TAY CHEE TOH (Malaysian, B. 1941)
TAY CHEE TOH (Malaysian, B. 1941)

Three Boys

TAY CHEE TOH (Malaysian, B. 1941)
Three Boys
signed and dated 'Chee Toh 63' (lower left)
oil on board
89 x 63 cm. (35 x 24 3/4 in.)
Painted in 1963

Brought to you by

Eric Chang
Eric Chang

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Lot Essay

Born in Johor, Malaysia, Tay Chee Toh's move to Singapore in 1958 to pursue formal arts education at the Nanyang Academy of Fine Arts placed the artist in the midst of a bourgeoning local arts scene, led by the pioneering artists who had arrived in Singapore in the late 40s and early 50s. Taught most notably by artists Cheong Soo Pieng and Georgette Chen, Tay began the development of his own distinctive style of artistic expression which ranged from the depiction of rural village life in Southeast Asia, to modernist experiments in abstraction, as well as sculpting.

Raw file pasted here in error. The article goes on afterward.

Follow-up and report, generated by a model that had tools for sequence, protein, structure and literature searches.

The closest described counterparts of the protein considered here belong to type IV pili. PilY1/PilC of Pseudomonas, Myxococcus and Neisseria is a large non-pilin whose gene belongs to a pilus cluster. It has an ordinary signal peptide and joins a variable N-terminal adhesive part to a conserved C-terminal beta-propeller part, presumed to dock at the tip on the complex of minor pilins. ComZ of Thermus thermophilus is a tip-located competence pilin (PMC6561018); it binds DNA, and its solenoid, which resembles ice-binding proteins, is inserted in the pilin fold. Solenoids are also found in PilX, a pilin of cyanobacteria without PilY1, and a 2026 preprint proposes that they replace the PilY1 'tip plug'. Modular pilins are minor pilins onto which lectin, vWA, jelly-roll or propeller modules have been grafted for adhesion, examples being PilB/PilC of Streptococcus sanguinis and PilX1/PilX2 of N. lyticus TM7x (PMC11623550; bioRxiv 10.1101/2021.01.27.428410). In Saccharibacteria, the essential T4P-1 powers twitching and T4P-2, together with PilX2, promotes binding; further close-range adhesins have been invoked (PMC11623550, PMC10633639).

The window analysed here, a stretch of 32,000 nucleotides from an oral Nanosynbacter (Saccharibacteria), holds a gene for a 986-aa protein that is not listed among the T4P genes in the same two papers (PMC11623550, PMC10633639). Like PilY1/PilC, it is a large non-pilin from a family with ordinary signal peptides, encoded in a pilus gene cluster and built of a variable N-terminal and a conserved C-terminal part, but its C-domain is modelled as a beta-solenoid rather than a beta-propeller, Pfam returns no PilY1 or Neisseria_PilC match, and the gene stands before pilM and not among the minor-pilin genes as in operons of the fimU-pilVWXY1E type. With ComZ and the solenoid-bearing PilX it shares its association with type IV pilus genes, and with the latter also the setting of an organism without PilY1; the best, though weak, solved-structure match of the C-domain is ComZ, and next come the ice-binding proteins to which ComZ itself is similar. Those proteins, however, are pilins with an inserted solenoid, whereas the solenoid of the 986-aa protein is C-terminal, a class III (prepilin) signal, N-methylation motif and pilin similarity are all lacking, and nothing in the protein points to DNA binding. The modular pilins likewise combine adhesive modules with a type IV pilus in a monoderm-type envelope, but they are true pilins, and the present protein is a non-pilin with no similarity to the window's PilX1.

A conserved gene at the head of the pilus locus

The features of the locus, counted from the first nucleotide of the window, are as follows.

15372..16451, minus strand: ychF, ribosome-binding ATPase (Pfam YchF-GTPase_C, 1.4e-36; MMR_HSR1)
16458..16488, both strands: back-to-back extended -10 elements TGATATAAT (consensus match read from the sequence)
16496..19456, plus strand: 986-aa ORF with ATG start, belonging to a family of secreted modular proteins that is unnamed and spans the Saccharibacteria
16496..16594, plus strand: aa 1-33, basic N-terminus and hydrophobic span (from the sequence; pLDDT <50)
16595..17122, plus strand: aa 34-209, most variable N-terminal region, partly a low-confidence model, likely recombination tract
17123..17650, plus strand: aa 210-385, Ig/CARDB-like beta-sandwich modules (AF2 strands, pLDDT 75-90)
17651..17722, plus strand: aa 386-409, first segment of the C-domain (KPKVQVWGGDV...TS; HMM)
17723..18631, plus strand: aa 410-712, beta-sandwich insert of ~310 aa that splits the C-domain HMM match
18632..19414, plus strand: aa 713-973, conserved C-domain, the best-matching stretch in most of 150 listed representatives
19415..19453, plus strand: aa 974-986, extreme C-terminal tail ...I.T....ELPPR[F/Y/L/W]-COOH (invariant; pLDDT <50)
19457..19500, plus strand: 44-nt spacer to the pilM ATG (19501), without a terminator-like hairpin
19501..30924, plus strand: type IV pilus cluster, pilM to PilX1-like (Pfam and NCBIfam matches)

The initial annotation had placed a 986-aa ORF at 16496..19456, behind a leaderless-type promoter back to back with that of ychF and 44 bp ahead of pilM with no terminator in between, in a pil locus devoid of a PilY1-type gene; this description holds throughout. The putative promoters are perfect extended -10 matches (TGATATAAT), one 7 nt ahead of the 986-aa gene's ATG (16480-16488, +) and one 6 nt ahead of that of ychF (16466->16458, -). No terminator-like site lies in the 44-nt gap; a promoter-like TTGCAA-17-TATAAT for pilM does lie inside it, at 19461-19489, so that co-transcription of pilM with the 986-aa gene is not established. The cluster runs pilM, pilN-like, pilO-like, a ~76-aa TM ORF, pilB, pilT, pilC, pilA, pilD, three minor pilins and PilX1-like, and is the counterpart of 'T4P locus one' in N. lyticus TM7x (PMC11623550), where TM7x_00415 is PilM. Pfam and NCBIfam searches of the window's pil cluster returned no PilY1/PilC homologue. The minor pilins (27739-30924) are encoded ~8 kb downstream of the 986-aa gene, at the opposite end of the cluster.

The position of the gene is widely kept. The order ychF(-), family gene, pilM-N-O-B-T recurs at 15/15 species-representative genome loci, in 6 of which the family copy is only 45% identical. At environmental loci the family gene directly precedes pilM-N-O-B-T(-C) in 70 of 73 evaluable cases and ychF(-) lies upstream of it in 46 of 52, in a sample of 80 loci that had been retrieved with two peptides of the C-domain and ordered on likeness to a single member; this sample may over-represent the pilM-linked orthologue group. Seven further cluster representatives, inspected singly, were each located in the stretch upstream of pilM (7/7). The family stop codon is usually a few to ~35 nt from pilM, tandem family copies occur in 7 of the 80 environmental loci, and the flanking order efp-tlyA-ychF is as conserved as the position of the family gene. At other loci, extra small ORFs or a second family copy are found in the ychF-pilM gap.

Three Boys (Lot 675) and At the Market (Lot 676) are two rare, early examples from Tay. They convey nostalgia for rural life in scenes of bustling communal activity and camaraderie. Tay's figures conform to the angular style of cubism, where colours are segmented into geometric forms, providing different perspectives onto the canvas. By the time Tay arrived in Singapore, the use of Western concepts of modernism, combined with Eastern sensibilities of tone and light had evolved into a distinct Nanyang school of painting. The two present lots are examples of Tay's fresh interpretation of the Nanyang style.

Beyond The Window 2 (Lot 677) presents Tay's shift towards modernism in his art - a likely by-product of his association with Alpha Gallery in Singapore from the 1970s onwards, where Tay became a contemporary of artists such as Khoo Sui Hoe and Anthony Poon. Together, these artists innovated new forms and compositions in their art, tending towards the regularity of shape and form, as well as the bold use of colour. Beyond The Window 2 is a striking culmination of Tay's techniques and interests. From the mimicry of the tonality achieved from traditional batik dye in the painting's background, to the central incorporation of stylized Dayak tribal motifs found across many of his paintings, the painting offers multiple interlocking and overlapping windows through which Tay's ideas can be viewed, and he successfully challenges a clear distinction between boundaries, and encourages us to look beyond them.

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